1. So you don’t ride with cable ties in your helmet?!? A myna swooped Gidget on the weekend. She’s so low to the ground and still it came down and nipped her ear. She was shocked. It was so fast. She was just sniffing a post, no birds or babies near her. Crazy things.

    Liked by 1 person

  2. We have lots of Maggpies and Crows here in southern England,plus Jays and Kites and Hawks and Buzzards. So far I have been lucky not to have been attacked or swooped by any and honestly I had no idea they acted like this. We have trouble with Gulls especially on the coast. They swoop down and steel food and ice-cream from your hands. I lived in Devon when my eldest was new born and remember the gulls attacking my cat.. she was unscathed but it was scary. I suggest you be wary and don’t star in any Hitchcock films.! 💜

    Liked by 1 person

  3. Oh dear – that would freak me out. Do they ever try to peck at you or anything? I’ve had a similar experience with barn swallows and friends and hubby thought I was silly when I said these birds tried to attack me – but they were protecting their babies I guess. sounds like a real issue where you live!


  4. In the northern isles we envcountered bonxies (great skua) who, if they thought you were too near their nests, would fly right at you with their scary big beaks. I was worried one might end up embedded in my forehead, so we took the hint.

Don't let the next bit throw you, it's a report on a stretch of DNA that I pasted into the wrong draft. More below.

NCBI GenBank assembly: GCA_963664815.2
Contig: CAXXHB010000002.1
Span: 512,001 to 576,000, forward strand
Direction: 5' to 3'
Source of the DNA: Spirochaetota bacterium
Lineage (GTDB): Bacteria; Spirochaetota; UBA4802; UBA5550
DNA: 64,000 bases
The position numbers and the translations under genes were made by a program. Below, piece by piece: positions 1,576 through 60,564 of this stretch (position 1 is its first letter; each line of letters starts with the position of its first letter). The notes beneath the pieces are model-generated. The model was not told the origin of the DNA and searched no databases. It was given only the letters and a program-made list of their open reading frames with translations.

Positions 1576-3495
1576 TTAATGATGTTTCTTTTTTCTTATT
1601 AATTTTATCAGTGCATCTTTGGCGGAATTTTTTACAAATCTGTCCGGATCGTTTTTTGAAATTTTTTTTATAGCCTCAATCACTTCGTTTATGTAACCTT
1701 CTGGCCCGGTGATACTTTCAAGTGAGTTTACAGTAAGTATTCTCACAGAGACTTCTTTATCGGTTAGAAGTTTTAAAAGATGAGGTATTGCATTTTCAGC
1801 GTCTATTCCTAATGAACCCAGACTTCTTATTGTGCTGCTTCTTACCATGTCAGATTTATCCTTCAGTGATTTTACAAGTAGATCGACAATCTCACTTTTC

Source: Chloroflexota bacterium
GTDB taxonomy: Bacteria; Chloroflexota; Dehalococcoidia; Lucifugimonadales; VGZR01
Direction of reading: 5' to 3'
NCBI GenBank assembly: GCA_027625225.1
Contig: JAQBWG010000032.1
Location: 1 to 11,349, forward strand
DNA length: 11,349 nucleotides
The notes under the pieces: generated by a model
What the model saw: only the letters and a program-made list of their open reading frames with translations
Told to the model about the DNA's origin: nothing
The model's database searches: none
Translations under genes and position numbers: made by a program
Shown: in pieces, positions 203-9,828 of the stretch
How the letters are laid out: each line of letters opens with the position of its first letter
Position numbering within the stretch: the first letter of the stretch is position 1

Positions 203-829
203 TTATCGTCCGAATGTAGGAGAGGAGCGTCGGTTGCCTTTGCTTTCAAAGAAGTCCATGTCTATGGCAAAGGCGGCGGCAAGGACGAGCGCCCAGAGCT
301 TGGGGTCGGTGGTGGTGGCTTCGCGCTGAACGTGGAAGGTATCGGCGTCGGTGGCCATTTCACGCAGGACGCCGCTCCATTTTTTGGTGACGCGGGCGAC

Liked by 1 person

  5. I only have had ice cream pinched by seagulls and food by monkeys … I don’t like the thought of being swooped from behind by a magpie! I think if I see magpie warning signs like that I’d steer well clear ! 😜

    Liked by 1 person

  6. Yikes! I used to be scared of magpies and I’m still wary of them but they don’t faze me quite as much these days. Hopefully now that you’ve shared afternoon tea together they’ll see you as that sweet woman and they’ll leave you alone. Good luck 🙂

    Liked by 1 person

  7. I laughed and laughed at the idea of you riding and screaming at the magpie attacking you!!

    I was attacked by a magpie when Rochelle was a baby – 33 years ago – and I still have the scar on my head!

    The scariest experience was when a plover attacked me because it flew at me from the front. That wasn’t nice!

    Liked by 1 person

    1. Thanks for laughing at your poor sister in dire need of saving from a scary magpie! I think a plover coming at you from the front would be just as dreadful as being swooped from behind. I’d forgotten you were attacked all those years ago.